SACRAMENTO — A grim-faced firefighter in a red helmet looks out from a campaign mailer sent to millions of Californians by Gov. Arnold Schwarzenegger, implying the man supports the governor on a controversial Nov. 8 election initiative.
But Schwarzenegger's camp bought the image from a photo archive in Seattle, angering a group of unionized California firefighters who say the governor should stop using them as props.
"This just goes along with his whole mantra of, 'I played a firefighter in a movie. I will just buy a firefighter,' " said Lou Paulson, president of California Professional Firefighters, one of the main unions fighting the governor.
The photo, which also shows up in a brochure for Countrywide Home Loans explaining its financial privacy policies, was purchased from Getty Images, an archive used by advertising agencies throughout the world. A high-resolution copy costs $299.
The photo is used in 5 million mailers to promote Proposition 75, which would curb the use of union dues for political purposes. The text says union "bosses can take money from teachers, firefighters and other union employees and spend it on political campaigns without getting the members' permission."
Unions and Democrats opposing Schwarzenegger say the initiative is an attempt to squeeze their coffers dry and reduce their bargaining power in Sacramento.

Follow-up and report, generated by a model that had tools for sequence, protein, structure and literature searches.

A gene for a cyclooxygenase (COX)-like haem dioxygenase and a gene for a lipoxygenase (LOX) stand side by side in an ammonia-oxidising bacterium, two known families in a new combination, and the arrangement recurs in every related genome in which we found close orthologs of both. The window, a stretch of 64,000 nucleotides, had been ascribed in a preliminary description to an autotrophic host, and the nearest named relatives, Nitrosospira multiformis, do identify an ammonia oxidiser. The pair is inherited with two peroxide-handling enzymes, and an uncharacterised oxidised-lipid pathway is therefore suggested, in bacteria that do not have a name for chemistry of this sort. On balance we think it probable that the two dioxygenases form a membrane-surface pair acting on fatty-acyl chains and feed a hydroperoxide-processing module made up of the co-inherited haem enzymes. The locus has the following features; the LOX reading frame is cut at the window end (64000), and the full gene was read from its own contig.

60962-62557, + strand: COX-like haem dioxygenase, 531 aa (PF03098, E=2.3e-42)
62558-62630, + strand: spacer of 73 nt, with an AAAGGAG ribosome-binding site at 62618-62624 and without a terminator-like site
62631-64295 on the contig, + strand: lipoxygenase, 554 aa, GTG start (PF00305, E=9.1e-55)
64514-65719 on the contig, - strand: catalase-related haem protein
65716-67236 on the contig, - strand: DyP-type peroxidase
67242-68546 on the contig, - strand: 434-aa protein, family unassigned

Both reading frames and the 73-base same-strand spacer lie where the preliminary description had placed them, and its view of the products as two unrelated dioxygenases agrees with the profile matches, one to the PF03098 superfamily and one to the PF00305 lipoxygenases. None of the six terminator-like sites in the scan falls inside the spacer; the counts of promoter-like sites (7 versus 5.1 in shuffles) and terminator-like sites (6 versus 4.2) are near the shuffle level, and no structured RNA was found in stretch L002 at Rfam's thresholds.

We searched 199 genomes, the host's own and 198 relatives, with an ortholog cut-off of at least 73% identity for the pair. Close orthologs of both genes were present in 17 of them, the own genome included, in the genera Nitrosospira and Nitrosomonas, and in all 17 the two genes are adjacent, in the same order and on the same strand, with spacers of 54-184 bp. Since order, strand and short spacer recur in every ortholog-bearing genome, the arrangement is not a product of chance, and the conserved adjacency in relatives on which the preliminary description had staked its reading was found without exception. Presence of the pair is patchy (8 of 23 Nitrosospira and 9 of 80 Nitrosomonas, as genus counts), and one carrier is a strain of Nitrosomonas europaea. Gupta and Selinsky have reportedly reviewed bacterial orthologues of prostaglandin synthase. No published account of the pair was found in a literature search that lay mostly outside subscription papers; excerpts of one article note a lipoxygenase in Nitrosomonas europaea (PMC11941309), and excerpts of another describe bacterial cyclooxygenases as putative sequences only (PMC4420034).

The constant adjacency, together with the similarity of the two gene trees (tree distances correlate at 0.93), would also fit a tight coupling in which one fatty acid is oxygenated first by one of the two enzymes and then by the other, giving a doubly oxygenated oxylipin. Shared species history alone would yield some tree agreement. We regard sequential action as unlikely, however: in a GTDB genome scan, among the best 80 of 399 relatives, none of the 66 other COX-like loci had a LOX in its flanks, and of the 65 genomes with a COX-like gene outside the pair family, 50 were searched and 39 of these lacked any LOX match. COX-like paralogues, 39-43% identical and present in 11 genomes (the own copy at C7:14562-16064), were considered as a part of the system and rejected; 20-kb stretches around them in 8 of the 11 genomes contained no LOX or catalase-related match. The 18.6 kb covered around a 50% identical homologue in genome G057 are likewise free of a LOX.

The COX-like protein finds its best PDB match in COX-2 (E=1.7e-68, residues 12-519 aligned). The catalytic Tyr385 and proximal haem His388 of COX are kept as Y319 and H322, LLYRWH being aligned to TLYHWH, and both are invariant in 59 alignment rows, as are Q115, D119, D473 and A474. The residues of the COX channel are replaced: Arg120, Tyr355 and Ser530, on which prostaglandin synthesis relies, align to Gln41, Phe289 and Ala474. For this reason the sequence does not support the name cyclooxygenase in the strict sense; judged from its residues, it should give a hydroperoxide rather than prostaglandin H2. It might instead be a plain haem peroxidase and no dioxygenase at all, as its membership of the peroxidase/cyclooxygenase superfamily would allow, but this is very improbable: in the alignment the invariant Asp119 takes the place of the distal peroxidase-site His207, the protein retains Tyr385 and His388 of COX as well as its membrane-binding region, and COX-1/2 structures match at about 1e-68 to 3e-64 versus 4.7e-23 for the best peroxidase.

Jim Mihalka, a dispatcher for the Los Angeles Fire Department, raised alarms about the picture and sent it to the campaign working to defeat Schwarzenegger. The giveaway? The helmet without a city seal, he said: "If he is a firefighter, then the teddy bear I gave my wife for Valentine's Day is a firefighter, because he has the same helmet on."
Todd Harris, a campaign spokesman for Schwarzenegger, said the photograph was used because union members have been harassed for supporting the governor, particularly teachers who have bucked the California Teachers Assn., the main financial backer of the opposition campaign.
"The fact of the matter is we would have loved to have used a California firefighter," Harris said, "but every single time a member of one of these unions voices support for us, they receive threats and massive levels of intimidation from the union bosses."
Paulson said firefighters are "keenly aware of where our images are used." After the Sept. 11 terrorist attacks, he said, the union sent out a memo to political consultants around the state asking them to refrain from using images of firefighters for political gain.
Schwarzenegger was criticized by some firefighter unions after appearing two weeks ago in Thousand Oaks to greet crews battling wildfires. About 20 firefighters flanked the governor at the event. Television news images from the event were broadcast, but have not been used in campaign materials.
Pat McOsker, president of United Firefighters of Los Angeles, told The Times that the firefighters were used as props under duress, but the governor's office said the firefighters volunteered to appear and greeted the governor warmly.
"Nobody was forced to be there," said Michael McKinney, 32, a volunteer photographer for the Ventura County Fire Department, who is supporting the governor. He said he has not been subject to harassment because of his stance supporting Schwarzenegger.
Paulson acknowledged that some unionized firefighters could in fact support the governor on Proposition 75, but Schwarzenegger "would have to look long and hard to find one. He just can't."